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9
Connecticut CPA
g
May/June 2012
Clients will be unhappy (or
poorly serviced) and leave. This
is often the merged-in firm's owner(s)
greatest fear (especially since the
transaction's financial rewards are of-
ten based on client retention). In re-
ality, if the owner(s) stay for two or
more years, if the location stays the
same for a year, if staff stays, and if
fees charged to clients are not in-
creased (or only moderately), cli-
ents will generally NOT leave. Cli-
ents usually don't care if the firm's
name changes, as long as continu-
ity (people and fees) is maintained.
If the smaller firm's owner(s) provide
their clients with a positive explana-
tion about the merger, why would cli-
ents leave? They greatly respect the
owner(s) that have serviced them for
years, and will, therefore, follow their
recommendations.
We have all heard hor-
ror stories of clients
leaving after a merg-
er, but in the mergers
that I've been associ-
ated with (which were
all handled properly
by the owners of both
firms), client retention
has been excellent.
(3)
Staff will be un-
happyandwillleave. This is again
an unfounded concern if staff is treated
fairly. The acquired firm's staff should
always receive the same (or better)
salaries and fringe benefits. Travel and
assignments should be maintained.
Furthermore, since it continues to be
difficult to find good staff, merged-in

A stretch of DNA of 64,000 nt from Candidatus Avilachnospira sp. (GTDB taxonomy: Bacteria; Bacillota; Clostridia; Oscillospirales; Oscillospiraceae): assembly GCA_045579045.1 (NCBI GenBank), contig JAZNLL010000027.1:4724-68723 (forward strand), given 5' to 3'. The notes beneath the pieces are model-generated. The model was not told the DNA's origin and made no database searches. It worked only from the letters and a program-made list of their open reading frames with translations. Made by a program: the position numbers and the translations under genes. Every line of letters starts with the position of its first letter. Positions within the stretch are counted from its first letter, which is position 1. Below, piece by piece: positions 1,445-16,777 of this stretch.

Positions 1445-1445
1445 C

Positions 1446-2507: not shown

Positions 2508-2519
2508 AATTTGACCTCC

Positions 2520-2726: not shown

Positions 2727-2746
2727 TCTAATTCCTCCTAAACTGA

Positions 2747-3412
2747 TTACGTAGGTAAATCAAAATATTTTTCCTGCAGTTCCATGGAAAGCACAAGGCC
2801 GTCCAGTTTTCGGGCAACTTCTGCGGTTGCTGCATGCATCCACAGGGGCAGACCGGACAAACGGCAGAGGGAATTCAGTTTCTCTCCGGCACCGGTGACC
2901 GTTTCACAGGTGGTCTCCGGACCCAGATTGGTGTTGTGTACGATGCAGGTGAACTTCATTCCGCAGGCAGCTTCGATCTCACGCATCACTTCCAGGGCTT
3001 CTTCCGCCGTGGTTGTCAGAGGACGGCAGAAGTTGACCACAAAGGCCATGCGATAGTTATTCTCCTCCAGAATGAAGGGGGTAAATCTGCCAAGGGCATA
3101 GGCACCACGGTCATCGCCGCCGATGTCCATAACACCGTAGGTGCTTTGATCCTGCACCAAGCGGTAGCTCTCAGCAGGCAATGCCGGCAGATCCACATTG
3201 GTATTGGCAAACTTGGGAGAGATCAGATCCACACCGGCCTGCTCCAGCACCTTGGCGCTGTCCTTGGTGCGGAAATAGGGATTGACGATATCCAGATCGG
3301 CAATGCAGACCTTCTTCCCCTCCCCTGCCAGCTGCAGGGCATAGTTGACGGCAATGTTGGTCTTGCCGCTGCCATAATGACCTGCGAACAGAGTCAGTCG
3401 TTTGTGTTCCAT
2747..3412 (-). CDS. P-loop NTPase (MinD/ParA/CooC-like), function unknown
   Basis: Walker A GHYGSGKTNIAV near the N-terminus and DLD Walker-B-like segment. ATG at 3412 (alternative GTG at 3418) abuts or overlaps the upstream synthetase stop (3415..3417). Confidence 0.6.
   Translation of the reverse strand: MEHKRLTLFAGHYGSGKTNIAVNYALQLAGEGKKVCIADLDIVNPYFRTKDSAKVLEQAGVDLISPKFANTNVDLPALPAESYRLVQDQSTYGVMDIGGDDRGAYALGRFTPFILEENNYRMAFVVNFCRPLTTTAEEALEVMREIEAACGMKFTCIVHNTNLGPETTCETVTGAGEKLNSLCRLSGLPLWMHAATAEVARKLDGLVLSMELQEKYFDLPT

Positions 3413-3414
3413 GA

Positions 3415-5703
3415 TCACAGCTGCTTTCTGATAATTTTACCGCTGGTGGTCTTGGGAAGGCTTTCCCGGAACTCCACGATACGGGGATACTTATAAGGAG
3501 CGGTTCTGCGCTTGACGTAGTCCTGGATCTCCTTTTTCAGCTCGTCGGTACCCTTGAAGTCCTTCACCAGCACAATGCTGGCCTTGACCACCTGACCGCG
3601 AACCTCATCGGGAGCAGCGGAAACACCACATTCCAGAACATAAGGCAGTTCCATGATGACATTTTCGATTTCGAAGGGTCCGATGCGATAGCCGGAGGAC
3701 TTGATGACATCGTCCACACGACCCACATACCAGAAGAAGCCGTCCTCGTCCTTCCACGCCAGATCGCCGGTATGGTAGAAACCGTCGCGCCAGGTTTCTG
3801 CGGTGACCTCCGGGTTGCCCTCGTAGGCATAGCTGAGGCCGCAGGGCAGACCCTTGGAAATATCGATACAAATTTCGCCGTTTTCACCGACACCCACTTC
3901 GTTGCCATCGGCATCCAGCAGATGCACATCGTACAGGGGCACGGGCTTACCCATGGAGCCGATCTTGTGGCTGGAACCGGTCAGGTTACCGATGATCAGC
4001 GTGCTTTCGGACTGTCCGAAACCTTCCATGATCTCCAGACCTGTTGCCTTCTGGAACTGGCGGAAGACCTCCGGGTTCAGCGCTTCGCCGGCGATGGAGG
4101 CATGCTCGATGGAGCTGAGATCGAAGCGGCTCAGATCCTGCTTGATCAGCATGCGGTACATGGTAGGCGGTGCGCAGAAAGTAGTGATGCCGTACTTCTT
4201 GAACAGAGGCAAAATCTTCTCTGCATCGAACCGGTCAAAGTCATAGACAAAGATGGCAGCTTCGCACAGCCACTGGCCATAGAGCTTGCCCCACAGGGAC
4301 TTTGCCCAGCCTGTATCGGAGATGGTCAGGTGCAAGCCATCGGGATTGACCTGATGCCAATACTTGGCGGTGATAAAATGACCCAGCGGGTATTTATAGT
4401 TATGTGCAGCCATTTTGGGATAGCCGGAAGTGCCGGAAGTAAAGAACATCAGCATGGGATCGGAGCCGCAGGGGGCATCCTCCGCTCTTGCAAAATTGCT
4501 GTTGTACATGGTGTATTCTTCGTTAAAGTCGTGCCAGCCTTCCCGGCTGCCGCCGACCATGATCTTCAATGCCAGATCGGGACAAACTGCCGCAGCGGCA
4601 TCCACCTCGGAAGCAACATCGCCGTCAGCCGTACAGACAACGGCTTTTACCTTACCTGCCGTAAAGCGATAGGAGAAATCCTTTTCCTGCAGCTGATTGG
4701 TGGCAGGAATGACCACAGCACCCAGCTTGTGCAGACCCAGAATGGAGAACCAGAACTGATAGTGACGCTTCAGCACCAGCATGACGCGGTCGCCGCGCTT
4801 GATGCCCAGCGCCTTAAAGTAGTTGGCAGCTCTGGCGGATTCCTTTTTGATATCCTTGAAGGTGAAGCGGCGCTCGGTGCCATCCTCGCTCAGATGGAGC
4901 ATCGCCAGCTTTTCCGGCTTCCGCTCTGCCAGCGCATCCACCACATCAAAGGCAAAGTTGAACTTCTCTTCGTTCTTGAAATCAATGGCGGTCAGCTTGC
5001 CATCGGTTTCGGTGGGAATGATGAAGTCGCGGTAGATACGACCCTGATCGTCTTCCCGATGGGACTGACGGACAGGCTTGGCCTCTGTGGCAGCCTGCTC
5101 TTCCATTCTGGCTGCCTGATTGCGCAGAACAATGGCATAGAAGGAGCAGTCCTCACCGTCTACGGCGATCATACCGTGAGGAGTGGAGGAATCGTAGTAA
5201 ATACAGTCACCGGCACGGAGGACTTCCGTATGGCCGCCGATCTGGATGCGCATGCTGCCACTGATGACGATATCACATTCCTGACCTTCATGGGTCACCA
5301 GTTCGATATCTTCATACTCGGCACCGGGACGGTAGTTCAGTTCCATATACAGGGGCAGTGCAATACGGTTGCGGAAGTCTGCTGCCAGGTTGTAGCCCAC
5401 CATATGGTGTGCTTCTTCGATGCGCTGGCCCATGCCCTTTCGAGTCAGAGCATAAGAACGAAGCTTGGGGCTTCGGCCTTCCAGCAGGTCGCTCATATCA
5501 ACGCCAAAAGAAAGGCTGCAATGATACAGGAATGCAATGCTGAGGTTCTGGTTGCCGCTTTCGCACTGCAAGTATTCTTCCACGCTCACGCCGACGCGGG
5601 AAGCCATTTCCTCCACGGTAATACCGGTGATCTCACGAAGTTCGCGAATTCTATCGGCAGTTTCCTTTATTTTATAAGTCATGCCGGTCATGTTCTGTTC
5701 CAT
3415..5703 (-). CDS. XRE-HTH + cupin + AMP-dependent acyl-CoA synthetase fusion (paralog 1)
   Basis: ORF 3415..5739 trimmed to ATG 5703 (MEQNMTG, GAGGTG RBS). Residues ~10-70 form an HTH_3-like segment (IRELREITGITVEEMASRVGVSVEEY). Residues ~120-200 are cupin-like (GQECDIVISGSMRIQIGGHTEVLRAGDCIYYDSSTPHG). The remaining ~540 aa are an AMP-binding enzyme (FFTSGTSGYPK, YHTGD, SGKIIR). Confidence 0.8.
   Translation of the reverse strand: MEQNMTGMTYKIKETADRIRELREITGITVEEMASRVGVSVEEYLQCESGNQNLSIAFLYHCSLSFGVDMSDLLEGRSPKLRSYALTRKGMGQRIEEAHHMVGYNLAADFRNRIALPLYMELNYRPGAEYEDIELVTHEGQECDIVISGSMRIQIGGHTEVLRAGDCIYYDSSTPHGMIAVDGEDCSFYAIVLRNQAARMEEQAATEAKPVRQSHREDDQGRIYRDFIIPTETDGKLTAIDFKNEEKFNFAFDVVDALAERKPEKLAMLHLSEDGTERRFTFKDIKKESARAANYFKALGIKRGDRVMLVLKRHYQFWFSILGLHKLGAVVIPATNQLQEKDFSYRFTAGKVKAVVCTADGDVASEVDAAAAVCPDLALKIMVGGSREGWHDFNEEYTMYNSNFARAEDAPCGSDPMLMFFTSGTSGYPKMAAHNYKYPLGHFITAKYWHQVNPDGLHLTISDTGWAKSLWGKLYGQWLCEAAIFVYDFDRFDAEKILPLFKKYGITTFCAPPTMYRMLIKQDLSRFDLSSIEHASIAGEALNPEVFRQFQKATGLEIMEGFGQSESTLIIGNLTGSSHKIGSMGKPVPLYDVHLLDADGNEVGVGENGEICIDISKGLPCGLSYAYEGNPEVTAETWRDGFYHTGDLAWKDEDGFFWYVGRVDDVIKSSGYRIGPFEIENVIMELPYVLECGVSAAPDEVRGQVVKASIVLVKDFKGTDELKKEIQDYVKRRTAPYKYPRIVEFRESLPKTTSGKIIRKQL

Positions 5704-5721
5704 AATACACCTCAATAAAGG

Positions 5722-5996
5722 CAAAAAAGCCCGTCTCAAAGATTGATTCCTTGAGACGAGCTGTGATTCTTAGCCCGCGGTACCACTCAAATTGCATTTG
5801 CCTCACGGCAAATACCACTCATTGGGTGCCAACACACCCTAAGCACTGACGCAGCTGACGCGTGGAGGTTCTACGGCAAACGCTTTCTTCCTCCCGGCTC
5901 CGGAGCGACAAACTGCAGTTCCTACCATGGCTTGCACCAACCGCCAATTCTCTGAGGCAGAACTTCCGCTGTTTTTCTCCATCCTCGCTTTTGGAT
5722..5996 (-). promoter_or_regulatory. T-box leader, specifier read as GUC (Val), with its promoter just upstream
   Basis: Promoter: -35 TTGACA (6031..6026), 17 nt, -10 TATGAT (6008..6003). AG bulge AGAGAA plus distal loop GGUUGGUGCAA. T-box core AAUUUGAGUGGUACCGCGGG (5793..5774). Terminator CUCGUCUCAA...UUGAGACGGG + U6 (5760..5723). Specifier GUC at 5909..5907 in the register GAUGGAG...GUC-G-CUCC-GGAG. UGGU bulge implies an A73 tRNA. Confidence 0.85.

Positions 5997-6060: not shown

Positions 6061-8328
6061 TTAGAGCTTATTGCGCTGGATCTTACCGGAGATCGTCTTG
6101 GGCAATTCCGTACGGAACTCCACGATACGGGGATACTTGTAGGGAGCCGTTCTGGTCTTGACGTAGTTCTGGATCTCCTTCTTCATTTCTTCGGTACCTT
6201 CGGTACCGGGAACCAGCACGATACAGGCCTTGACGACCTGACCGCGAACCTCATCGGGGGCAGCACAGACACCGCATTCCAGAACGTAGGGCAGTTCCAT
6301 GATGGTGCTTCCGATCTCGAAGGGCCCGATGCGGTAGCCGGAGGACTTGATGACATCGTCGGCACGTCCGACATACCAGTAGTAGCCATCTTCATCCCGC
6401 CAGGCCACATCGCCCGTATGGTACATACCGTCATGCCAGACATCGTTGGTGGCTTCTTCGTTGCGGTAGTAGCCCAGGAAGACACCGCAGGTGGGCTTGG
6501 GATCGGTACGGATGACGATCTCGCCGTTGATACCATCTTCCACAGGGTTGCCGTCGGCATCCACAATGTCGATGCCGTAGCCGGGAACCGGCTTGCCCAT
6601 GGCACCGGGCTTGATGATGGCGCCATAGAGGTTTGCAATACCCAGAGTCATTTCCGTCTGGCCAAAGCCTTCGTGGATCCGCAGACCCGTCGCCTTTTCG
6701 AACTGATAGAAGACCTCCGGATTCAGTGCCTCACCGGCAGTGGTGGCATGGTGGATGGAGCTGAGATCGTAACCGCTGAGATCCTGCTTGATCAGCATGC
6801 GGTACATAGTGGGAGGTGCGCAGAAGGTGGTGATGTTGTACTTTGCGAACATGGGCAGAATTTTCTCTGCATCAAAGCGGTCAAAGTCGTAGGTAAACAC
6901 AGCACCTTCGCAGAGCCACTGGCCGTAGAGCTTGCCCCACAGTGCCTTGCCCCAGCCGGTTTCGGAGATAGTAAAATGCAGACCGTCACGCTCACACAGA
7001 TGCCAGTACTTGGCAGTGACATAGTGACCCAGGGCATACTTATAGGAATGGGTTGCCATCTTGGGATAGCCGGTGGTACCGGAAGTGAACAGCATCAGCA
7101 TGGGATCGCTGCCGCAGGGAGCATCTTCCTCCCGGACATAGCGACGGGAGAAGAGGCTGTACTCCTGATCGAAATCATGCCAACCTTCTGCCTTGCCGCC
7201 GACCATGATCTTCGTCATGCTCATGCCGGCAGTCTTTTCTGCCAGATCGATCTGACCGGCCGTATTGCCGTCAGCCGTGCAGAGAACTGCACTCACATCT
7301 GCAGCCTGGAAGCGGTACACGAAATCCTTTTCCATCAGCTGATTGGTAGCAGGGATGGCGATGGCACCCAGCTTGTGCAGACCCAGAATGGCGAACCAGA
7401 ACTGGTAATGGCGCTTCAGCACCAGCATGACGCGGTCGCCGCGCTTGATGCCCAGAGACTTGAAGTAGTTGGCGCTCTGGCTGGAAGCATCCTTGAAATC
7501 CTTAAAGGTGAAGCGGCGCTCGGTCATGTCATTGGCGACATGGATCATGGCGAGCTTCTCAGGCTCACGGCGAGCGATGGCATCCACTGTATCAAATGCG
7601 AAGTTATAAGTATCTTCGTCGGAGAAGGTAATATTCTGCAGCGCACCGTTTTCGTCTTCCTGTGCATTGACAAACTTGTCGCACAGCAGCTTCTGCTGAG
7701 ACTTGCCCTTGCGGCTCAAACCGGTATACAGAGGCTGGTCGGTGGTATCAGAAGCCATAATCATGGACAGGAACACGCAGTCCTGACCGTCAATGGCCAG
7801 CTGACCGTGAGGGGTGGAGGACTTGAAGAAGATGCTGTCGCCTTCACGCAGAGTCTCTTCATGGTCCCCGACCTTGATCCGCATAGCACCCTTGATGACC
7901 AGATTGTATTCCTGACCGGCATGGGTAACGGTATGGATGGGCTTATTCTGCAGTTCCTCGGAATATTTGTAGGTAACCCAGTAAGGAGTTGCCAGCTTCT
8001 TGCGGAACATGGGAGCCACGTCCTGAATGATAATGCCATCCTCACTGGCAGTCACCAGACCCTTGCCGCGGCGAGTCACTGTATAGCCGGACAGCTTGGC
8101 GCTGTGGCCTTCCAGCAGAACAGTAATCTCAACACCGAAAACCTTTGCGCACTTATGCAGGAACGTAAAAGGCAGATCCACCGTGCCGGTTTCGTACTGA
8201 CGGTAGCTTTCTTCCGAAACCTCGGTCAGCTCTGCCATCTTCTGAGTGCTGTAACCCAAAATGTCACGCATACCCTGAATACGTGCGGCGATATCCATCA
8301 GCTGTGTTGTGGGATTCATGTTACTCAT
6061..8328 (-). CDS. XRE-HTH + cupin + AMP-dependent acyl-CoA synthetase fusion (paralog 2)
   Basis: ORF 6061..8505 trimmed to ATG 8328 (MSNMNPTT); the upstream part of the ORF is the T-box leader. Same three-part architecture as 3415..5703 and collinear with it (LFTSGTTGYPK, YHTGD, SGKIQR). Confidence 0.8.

personnel are generally retained.
(4)
Other fears/concerns Owners
worry about other things, such as be-
ing unhappy or that the
firm will not pay them
their full buy-out amount.
Finding post-merger hap-
piness can be a realistic
concern. The key is to as-
sure that the smaller firm's
owner(s) spend adequate
time, prior to finalizing
the merger, with the other
firm's owners and perform
a careful "due diligence"
review of the culture and reputation of
the larger firm.
As far as "not getting paid" in my ex-
periences, this has never happened.
Since agreements are carefully crafted
by attorneys, and because accounting
firms generally produce annuity-type
client continuity (high client retention
and ongoing recurring fees), future
payments are quite secure.
Clients usually
don't care if
the firm's name
changes, as long
as continuity
(people and fees)
is maintained.
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